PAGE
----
There are two ways your website makes a good first impression: a well-executed design and a thoughtful structure. The structure – basically, the order in which your website content is presented – can have a major impact on visitor retention.
Think of the way you pick out a new book. First you look at the cover. Is it eye-catching? Then you look at the tagline. Does the book sound intriguing? If the tagline reels you in, you read the summary on the back of the book. Finally, you open the book and dive into the story. You can structure your website to mimic this process as well, using something called the Cone Principle.
These 2 graphs can help you conceptualize the structure of your site.
With the Cone Principle, a website’s pages are structured with high-impact visuals and minimal text at the top. The pages then gradually introduce more and more detail the further you scroll down. This approach allows visitors to quickly and easily scan your homepage to learn who you are, what you do, and how they can interact more with your site.
Note: This principle can apply to other pages on your site, but for the purpose of this post we are focusing on the structure of your homepage.
Why does the Cone Principle work?
Left: This homepage has too much information in the top navigation and footer. Photos are haphazard and it’s difficult to know where your attention should go; Right: In this example, the navigation and text is simplified, the photos are neatly arranged and it’s easy to know what to read first.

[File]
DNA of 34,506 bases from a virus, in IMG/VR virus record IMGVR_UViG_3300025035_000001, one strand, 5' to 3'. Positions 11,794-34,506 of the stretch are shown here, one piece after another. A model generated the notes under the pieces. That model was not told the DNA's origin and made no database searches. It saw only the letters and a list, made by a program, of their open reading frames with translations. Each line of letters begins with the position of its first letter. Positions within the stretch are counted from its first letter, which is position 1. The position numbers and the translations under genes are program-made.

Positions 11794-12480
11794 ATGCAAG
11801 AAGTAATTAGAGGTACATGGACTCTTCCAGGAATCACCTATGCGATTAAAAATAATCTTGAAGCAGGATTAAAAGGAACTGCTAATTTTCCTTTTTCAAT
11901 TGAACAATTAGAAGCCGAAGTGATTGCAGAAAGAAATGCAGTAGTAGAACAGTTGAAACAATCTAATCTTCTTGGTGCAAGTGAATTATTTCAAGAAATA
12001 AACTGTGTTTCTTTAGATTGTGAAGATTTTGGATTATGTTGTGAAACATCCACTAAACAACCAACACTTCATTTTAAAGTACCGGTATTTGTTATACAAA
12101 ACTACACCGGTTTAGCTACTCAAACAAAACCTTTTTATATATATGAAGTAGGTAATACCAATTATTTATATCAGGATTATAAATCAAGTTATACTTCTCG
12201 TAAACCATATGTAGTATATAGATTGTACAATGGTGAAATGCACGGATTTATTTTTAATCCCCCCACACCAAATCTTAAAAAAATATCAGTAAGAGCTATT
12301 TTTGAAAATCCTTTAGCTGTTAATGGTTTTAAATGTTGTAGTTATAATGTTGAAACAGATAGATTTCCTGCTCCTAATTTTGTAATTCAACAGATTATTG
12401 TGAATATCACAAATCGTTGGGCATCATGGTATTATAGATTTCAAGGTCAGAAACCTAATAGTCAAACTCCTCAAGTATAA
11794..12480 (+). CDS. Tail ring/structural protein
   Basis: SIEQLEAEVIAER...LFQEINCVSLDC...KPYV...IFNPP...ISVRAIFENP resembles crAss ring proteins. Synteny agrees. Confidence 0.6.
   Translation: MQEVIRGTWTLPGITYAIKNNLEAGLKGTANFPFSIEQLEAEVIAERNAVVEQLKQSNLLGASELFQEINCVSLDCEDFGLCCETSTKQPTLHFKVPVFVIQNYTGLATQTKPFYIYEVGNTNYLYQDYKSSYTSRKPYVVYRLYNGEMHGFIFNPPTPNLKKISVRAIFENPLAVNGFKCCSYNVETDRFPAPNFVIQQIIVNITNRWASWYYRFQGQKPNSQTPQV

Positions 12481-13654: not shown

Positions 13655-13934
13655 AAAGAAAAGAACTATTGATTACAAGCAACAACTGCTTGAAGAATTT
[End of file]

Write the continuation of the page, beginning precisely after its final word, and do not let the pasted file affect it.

According to a post from Hubspot, 46.1% of people say a website’s design is the number one criterion for discerning a company’s credibility and 40% of people will respond better to visual information than plain text. The Cone Principle works because it helps solve both of these criteria. It forces your website to weigh heavy on visuals while still providing the valuable information that brings someone to your website in the first place.
The examples above show how using the Cone Principle can impact the overall professionalism of your website. The homepage on the left is an example of what not to do. Too much text, poor arrangement of images, and a busy navigation make it difficult to follow. The homepage on the right, however, shows how a few simple changes can improve the page’s organization and presentation.
How to structure your website like a pro
The website of eyeglasses company Warby Parker provides a great example of the “cone” in action. I’ll break it down here to show how they did it.
1. Start with a bold image, title and logo
The top of your website is like a book cover. Choose a photo that represents your business and have it cover the whole width of your page. If you’d like to include multiple or portrait images, insert the image into a column and add text or another image on the side to avoid empty space.
At the top of your site, include your logo and the most important tabs in your navigation bar. It’s best to pare these down so that they are all visible on one line. The aim on the navigation bar is to guide the visitor. The more options you provide, the harder it’s going to be for them to know where to go—making it more likely that they’ll give up and go elsewhere.